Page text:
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Sangha receives Baxter Young Investigator Award

Gurneet Sangha, a fourth-year doctoral student at the Weldon School of Biomedical Engineering at Purdue University, has received a Baxter Young Investigator Award. The award honors researchers who are focused on developing critical care therapies and medical products that save and sustain patients’ lives. Sangha is advised by Assistant Professor Craig Goergen.

Gurneet Sangha received the Baxter Young Investigator Award.“My overarching goal is to develop devices and methods that will one day positively impact both physicians and patients,” Sangha said. “Receiving this recognition from Baxter, a company whose mission is to provide cost-effective, high quality, and innovative healthcare products to the world, gives me faith that I am on the right path to accomplishing my goal.”

Sangha’s project is titled, “Vibrational Photoacoustic Tomography: Applications for Intraoperative Surgical Imaging.” Vibrational Photoacoustic Tomography (VPAT) is an imaging technique that uses near-infrared light to induce acoustic waves, which can be used to recreate images of tissue in more detail than conventional clinical imaging techniques. When used with ultrasound, clinicians receive both structural and compositional information about the tissue, which can potentially aid in the diagnosis and treatment of various diseases.

Sangha’s work is focused on optimizing the technique to improve depth of penetration and image quality, as well as developing VPAT for various applications, including detecting cancerous cells around the edges of breast tumors and imaging destroyed cardiac tissue.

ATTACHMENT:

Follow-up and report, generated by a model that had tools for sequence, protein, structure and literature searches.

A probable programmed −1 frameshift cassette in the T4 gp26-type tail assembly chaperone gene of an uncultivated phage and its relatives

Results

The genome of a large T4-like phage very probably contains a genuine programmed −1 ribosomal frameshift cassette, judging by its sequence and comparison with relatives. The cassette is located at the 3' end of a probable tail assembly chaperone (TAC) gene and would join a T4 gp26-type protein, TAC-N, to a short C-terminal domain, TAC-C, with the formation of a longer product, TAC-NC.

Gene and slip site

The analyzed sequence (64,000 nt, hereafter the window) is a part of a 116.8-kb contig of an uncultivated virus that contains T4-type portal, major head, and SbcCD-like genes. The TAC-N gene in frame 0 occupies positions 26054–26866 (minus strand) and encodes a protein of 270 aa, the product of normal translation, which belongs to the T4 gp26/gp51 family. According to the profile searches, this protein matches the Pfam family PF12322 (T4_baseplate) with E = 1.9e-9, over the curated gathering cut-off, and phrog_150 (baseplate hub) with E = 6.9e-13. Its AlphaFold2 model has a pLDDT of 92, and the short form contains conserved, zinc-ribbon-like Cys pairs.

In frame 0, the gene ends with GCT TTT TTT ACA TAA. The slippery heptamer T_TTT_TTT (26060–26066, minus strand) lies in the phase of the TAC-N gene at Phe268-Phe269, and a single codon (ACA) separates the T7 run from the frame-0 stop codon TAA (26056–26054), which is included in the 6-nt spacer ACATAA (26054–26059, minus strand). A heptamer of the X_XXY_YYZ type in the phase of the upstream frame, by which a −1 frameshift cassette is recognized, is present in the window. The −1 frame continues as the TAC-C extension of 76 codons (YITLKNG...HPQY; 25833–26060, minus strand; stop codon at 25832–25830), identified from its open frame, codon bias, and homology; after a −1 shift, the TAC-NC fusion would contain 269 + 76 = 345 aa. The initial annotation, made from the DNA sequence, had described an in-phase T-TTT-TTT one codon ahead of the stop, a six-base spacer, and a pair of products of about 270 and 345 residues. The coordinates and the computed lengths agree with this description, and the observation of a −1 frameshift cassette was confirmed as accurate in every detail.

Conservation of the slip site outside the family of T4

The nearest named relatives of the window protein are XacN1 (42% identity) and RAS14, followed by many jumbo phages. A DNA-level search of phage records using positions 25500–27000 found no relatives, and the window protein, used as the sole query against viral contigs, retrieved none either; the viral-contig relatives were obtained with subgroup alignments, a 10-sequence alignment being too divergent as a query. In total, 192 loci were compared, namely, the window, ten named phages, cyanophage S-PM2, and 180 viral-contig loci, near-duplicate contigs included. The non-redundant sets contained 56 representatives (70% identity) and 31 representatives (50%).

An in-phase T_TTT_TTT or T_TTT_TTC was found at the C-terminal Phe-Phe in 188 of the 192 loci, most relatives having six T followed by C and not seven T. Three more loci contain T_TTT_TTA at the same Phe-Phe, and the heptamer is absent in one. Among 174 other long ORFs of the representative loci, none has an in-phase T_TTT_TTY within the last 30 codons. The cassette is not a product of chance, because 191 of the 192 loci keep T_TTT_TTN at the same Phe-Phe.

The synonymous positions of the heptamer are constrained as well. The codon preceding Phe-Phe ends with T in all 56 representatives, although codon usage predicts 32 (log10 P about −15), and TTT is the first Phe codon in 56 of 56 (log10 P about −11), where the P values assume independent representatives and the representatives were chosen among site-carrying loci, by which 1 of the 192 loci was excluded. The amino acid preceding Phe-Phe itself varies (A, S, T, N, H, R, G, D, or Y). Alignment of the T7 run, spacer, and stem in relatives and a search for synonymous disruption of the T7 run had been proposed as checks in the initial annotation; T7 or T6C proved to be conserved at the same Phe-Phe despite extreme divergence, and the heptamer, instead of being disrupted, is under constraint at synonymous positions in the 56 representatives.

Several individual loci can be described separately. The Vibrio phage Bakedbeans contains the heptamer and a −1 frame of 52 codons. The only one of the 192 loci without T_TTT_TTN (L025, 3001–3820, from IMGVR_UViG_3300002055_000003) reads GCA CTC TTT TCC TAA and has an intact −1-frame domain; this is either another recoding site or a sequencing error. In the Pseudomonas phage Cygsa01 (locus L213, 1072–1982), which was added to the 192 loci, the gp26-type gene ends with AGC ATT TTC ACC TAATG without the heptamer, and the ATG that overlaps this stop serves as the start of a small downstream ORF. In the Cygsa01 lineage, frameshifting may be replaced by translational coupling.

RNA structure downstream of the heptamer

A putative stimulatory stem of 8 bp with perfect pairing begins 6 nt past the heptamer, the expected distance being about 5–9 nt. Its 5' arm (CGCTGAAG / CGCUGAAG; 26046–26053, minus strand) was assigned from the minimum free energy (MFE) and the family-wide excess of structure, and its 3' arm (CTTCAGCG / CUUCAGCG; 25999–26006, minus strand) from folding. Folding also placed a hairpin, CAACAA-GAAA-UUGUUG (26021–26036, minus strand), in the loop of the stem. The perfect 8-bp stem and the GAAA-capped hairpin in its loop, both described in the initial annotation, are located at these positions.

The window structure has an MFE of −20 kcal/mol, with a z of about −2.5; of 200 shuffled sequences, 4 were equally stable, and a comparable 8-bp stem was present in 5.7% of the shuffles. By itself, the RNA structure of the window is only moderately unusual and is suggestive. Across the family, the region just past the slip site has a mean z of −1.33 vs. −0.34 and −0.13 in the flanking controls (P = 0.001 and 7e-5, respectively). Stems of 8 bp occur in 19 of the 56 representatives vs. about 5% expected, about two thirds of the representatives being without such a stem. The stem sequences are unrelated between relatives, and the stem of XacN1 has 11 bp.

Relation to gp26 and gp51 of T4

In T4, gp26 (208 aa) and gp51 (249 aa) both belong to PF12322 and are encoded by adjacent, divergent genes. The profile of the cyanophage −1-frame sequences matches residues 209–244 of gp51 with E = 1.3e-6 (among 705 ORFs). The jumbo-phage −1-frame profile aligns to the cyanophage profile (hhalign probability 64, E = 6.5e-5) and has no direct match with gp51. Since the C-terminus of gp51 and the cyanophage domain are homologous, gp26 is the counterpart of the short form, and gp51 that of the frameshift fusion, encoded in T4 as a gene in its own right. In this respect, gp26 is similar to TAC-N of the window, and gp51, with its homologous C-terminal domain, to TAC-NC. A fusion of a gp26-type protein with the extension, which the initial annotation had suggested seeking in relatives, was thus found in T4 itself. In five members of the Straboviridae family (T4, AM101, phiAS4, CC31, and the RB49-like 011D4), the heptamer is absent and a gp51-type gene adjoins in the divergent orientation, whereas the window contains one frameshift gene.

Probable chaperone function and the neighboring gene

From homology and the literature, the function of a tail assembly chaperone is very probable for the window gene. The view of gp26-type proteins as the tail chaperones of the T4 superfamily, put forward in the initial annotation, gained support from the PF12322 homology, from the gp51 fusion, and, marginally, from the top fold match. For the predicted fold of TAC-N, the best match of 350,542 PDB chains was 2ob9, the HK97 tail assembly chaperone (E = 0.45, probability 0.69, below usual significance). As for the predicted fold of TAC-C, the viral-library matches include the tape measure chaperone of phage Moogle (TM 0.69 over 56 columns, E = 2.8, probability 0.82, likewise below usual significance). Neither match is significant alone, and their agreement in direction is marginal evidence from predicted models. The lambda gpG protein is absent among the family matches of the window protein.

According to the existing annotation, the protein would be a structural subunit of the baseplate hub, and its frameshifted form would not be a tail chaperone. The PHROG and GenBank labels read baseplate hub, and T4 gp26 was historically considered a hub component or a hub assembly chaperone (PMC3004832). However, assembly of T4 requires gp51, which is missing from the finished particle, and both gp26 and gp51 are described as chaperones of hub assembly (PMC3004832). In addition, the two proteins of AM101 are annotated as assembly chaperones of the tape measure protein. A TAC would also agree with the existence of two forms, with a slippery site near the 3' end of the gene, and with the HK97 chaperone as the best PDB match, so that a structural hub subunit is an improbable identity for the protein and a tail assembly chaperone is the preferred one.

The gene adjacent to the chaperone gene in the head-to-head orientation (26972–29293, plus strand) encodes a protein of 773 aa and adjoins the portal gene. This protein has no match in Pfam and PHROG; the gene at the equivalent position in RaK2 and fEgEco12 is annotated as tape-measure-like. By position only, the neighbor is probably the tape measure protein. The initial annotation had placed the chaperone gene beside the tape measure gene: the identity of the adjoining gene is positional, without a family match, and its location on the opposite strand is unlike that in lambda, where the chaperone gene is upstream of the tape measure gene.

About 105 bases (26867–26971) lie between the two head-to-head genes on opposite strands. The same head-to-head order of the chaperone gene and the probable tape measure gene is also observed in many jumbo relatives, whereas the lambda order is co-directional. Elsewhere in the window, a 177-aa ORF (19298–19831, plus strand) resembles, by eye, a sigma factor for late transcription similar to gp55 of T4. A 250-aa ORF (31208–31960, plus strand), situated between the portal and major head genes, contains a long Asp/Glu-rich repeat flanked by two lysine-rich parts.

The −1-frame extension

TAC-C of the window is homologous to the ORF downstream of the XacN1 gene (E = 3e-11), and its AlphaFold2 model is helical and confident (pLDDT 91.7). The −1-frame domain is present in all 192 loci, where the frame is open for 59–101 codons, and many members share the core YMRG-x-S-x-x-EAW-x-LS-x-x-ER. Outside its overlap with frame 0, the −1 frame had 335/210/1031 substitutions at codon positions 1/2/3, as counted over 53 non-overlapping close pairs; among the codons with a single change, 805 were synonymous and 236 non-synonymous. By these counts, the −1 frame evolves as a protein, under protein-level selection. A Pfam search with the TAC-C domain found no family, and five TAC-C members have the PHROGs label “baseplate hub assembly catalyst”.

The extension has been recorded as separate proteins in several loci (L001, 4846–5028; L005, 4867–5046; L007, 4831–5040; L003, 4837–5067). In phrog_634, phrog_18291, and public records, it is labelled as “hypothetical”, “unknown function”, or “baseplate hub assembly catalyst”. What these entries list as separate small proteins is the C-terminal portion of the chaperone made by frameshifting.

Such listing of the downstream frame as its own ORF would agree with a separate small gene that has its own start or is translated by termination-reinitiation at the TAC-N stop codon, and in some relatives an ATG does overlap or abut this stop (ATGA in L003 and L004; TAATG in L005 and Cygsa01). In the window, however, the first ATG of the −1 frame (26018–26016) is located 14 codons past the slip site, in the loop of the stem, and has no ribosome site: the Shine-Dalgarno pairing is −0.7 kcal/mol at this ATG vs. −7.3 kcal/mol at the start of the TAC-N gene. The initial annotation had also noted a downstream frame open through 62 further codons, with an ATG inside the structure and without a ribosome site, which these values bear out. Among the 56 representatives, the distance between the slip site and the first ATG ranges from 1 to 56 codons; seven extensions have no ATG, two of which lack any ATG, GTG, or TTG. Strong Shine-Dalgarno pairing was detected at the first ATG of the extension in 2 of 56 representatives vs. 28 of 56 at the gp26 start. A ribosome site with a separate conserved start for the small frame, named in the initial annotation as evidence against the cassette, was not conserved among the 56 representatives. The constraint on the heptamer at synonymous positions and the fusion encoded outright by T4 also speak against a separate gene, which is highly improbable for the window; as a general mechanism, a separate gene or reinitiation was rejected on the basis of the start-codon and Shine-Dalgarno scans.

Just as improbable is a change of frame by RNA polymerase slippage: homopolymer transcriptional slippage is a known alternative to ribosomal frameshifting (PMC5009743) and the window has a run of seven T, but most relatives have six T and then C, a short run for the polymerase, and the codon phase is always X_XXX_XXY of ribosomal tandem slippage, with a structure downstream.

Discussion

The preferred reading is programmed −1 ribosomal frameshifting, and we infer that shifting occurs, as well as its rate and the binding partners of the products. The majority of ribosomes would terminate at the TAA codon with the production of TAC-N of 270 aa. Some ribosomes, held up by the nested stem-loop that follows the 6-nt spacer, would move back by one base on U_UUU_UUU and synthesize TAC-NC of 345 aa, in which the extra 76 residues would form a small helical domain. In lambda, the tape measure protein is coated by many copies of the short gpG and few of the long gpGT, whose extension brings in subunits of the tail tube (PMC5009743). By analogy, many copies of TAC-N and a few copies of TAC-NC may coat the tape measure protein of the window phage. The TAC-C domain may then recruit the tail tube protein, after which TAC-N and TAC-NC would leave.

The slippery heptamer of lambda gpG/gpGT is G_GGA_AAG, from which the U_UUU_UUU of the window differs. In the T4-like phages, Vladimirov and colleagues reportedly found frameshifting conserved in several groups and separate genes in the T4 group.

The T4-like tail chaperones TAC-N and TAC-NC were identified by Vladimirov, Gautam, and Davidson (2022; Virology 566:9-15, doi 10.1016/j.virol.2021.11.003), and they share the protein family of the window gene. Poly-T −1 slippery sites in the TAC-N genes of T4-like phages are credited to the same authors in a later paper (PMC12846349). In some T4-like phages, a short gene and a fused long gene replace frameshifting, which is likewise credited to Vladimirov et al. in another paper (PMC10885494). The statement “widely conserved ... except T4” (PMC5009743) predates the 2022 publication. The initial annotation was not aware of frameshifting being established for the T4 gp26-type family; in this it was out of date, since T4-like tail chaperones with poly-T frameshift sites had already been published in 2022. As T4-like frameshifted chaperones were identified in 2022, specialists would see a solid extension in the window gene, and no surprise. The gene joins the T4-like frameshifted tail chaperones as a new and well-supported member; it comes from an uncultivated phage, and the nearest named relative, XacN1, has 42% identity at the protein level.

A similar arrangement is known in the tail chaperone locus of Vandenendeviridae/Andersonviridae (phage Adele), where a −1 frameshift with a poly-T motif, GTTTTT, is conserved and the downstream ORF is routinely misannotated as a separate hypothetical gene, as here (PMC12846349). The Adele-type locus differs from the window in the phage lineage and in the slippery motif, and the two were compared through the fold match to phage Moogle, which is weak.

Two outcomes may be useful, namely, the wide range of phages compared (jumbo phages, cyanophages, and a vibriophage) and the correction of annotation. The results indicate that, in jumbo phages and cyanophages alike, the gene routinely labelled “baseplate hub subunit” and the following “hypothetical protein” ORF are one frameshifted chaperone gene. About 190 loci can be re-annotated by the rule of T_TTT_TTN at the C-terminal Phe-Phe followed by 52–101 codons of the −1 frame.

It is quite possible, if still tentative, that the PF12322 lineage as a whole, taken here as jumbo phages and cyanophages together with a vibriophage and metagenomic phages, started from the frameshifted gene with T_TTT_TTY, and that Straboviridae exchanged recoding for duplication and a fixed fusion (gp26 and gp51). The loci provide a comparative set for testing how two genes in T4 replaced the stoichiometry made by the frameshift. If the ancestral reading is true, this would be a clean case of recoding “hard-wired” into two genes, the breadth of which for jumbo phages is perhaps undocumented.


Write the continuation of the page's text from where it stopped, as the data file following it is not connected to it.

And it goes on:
Current methods for breast tumor margin detection are invasive, time-consuming, and typically result in a reoperative rate of up to 39 percent. Sangha is exploring the use of VPAT, ultrasound, and inverted Selective Plane Illumination Microscopy (iSPIM) to assess breast tumor margins in human breast biopsies. The goal of the study is to assess the performance of the VPAT system to correctly characterize tumor margins in both a single-modality and multi-modality approach.

Cardiac arrhythmia treatment requires the use of a radiofrequency catheter to ablate or destroy a small area of dysfunctional cardiac tissue. The limitation of this approach is that clinicians have difficulty determining the volume of tissue burned during the surgical procedure, especially for advanced arrhythmia that require multiple burned lesions. Preliminary data from Sangha’s study have shown that VPAT coupled with ultrasound can potentially enable clinicians to assess the volume and severity of ablated cardiac tissue during surgery.

Baxter sponsors this annual award program to celebrate and promote innovative research that has relevance to the company’s portfolio and is conducted by graduate students and postdoctoral fellows. Sangha’s award included a $500 cash prize.